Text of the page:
Khyber Pass Cafe

April 20, 2015

If you're the kind of person who likes bucket lists, a visit to Khyber Pass Café for an Afghani dinner checks off one of the 1,000 Foods to Eat Before You Die (the restaurant is specifically recommended).  On the other hand, reducing an entire country's cuisine to a single list item in the pursuit of racking up frantically-paced life experiences kind of misses the point.  Don't just scarf down your meal at Khyber Pass Café and depart, having experienced Afghani cuisine once and for all.  Instead, return again and again: the café is a cozy place to spend a Friday evening, you can customize your meal with an assortment of house-made chutneys, and everything down to the side order of spinach is prepared with care.

Khyber Pass Cafe
Chutney Sampler with ginger-jalapeno, cranberry, and cilantro walnut chutneys

The menu encourages you to accompany your meal with one of the house-made chutneys--since I couldn't settle on one, I skipped the entrée and ordered the chutney sampler, which includes three chutneys of your choosing and a basket of pillowy-soft Afghani bread.   I tried the ginger-jalapeno, cranberry, and cilantro-walnut chutneys.  The ginger-jalapeno chutney was the spiciest, and the strident ginger note made it too overwhelming to enjoy on bread.  However, it was a welcome addition to my side of spinach and would also pair well with rice or chicken.  The cranberry chutney was identified on the menu as "slightly spicy", but I just detected a pleasant balance between tartness and sweetness.  My favorite chutney was the cilantro-walnut, shimmering with cilantro and a generous helping of salt.

Khyber Pass Cafe
Sabzee (spinach cooked with leeks and spices)

As mentioned above, the spinach was best when paired with the ginger-jalapeno chutney, and I appreciated the generous serving size for a side dish.  On its own, the spinach was nicely cooked but minimally seasoned, so definitely order a chutney to accompany it.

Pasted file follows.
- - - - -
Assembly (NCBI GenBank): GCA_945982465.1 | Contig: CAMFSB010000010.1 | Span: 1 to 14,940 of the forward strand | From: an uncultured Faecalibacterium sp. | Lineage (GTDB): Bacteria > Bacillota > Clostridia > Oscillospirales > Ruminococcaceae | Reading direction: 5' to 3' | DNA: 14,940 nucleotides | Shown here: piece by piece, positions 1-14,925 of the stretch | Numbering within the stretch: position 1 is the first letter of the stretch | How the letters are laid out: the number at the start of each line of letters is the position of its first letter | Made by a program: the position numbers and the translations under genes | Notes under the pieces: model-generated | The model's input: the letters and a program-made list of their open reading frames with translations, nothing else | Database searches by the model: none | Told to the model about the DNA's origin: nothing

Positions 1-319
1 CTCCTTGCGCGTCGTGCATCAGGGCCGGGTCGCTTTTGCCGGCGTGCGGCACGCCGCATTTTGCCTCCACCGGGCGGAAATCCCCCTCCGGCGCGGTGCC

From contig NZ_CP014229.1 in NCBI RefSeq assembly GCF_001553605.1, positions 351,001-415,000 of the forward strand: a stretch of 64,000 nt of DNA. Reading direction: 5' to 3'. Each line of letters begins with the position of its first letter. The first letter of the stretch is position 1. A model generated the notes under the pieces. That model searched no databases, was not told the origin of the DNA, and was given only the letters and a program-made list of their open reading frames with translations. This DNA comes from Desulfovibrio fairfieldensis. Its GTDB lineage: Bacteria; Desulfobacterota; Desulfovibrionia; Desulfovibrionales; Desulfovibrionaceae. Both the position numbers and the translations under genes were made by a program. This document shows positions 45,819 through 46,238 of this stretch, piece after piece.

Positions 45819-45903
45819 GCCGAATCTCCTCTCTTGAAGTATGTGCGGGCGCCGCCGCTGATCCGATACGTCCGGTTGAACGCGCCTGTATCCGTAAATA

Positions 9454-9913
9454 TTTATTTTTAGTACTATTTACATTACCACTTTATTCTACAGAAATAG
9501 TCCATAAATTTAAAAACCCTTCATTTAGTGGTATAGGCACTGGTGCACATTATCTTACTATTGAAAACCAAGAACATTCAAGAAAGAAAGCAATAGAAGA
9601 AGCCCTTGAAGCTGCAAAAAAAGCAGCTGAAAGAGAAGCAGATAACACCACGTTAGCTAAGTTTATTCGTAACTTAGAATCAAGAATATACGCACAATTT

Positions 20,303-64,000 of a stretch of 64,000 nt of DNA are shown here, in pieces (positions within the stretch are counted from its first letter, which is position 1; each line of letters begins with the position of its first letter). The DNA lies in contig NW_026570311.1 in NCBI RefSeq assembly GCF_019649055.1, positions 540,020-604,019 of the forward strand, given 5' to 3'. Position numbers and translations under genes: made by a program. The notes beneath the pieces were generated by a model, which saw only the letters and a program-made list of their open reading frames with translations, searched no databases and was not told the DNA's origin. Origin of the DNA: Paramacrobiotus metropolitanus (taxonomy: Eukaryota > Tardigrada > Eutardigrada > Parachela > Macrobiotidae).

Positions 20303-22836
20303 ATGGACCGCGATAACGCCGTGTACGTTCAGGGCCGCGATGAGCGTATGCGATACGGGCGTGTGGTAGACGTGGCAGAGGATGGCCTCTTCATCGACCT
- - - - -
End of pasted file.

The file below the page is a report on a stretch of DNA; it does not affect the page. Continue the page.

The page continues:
Khyber Pass Cafe
Kofta and aloo (meatballs and potatoes)

In a city strongly influenced by Scandinavian immigrants, it seems a bit lame to go to an Afghani restaurant and order one of the most familiar items on the menu: kofta and aloo, or beef meatballs with potatoes.  However, Khyber Pass's version is a welcome detour from the Ikea-style Minnesota classic, with curry-flavored potatoes and lean meatballs drizzled with cilantro-walnut chutney.  The meal is rounded out with a side salad and a serving of rice.

Other items on the menu include several preparations of organic New Zealand lamb, a build-your-own vegetarian combo plate, and chicken kebabs.  Thursdays feature live music at 9 pm (check the website for details), and there's a rotating dinner special on Friday and Saturday evenings. Service is attentive without being rushed, and the textiles hanging from the ceiling provide lovely décor and acoustics conducive to conversation.

Regardless of your stance on culinary bucket lists, a meal at Khyber Pass Café with a side of cilantro-walnut chutney is an experience worth having.

Khyber Pass Café
1571 Grand Avenue
St. Paul, MN 55105
(651) 690-0505

Khyber Pass Cafe on Urbanspoon